Your website serves as your company’s digital front door, and it must make visitors feel welcome. The reality is that a website can make or break a worldwide brand, which is why some of the world’s most well-known companies, like Nike, McDonald’s, Microsoft, and Apple, have all made significant investments in website localization.
What is Localization?
The practice of adjusting your website to the culture and language of consumers in a target market is known as website localization. People all across the world are considerably more inclined to buy from a website that addresses them in their native language. Even if the material is of low quality, 65% of customers prefer it in their native tongue.
However, launching a multilingual website is more than just reproducing your original material verbatim in another language. It entails considering cultural variations, regulatory constraints, shopping patterns, and payment methods, to mention a few parts of a complicated process like website localization.
If you’re feeling overwhelmed by the process ahead, don’t worry: website localization doesn’t have to be a pain. If you’re searching for the best approach to localizing a website, this guide will help you avoid typical localization blunders, publish your multilingual website fast, and provide an excellent user experience (UX) for your worldwide users.
Different factors of website localization
Translation of material into target languages is one of the most important ways to communicate with local markets in different nations. However, localization is more than just translation. While translation is important in the localization process, additional factors for a translated website include:
- Changing visuals, movies, graphics, and even emojis to appeal to the target audience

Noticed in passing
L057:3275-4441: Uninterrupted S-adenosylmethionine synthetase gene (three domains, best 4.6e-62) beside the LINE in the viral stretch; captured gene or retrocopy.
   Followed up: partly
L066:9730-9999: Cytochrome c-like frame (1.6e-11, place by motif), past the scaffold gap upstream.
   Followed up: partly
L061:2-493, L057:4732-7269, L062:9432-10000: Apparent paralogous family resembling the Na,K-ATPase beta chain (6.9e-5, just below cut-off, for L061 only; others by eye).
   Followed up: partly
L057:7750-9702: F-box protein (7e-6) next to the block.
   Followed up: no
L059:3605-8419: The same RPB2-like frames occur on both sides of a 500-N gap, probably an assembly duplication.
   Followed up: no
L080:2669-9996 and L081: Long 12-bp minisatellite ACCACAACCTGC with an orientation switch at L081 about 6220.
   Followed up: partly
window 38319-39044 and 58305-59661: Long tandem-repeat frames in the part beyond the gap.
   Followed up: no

- Content may be fine-tuned to meet ethnic, religious, or general tastes.
- Changing the website’s design, structure, and formatting to accommodate translated contents that read from right to left
- Local currencies and units of measurement are available.
- Date formats and phone numbers are being localized.
- Using proper naming rules, as various languages arrange first and last names differently.
- Following local legislation and legal requirements
A good localization workflow, in essence, includes all of the activities necessary to maximize the user experience of a certain consumer group in a specific country.
Why should you localize your website?
Localization allows you to communicate with your new audience on a more meaningful level than mere translation. This result in stronger bonds increased loyalty and increased consumer pleasure. You may benefit from localization by doing the following:
- Expand into new markets
Not every product or service is a natural match for new markets in its original form. McDonald’s would have struggled to penetrate the Indian market if it had not promoted chicken and paneer burgers. The majority of Indian consumers do not eat beef. Starbucks suffered an expensive failure in Australia by failing to cater to local coffee preferences.
You may hit the ground running in new markets across multiple nations by paying attention to the demands of your new target audience and employing appropriate localization procedures. Good localization includes avoiding cultural misconceptions that might harm your brand.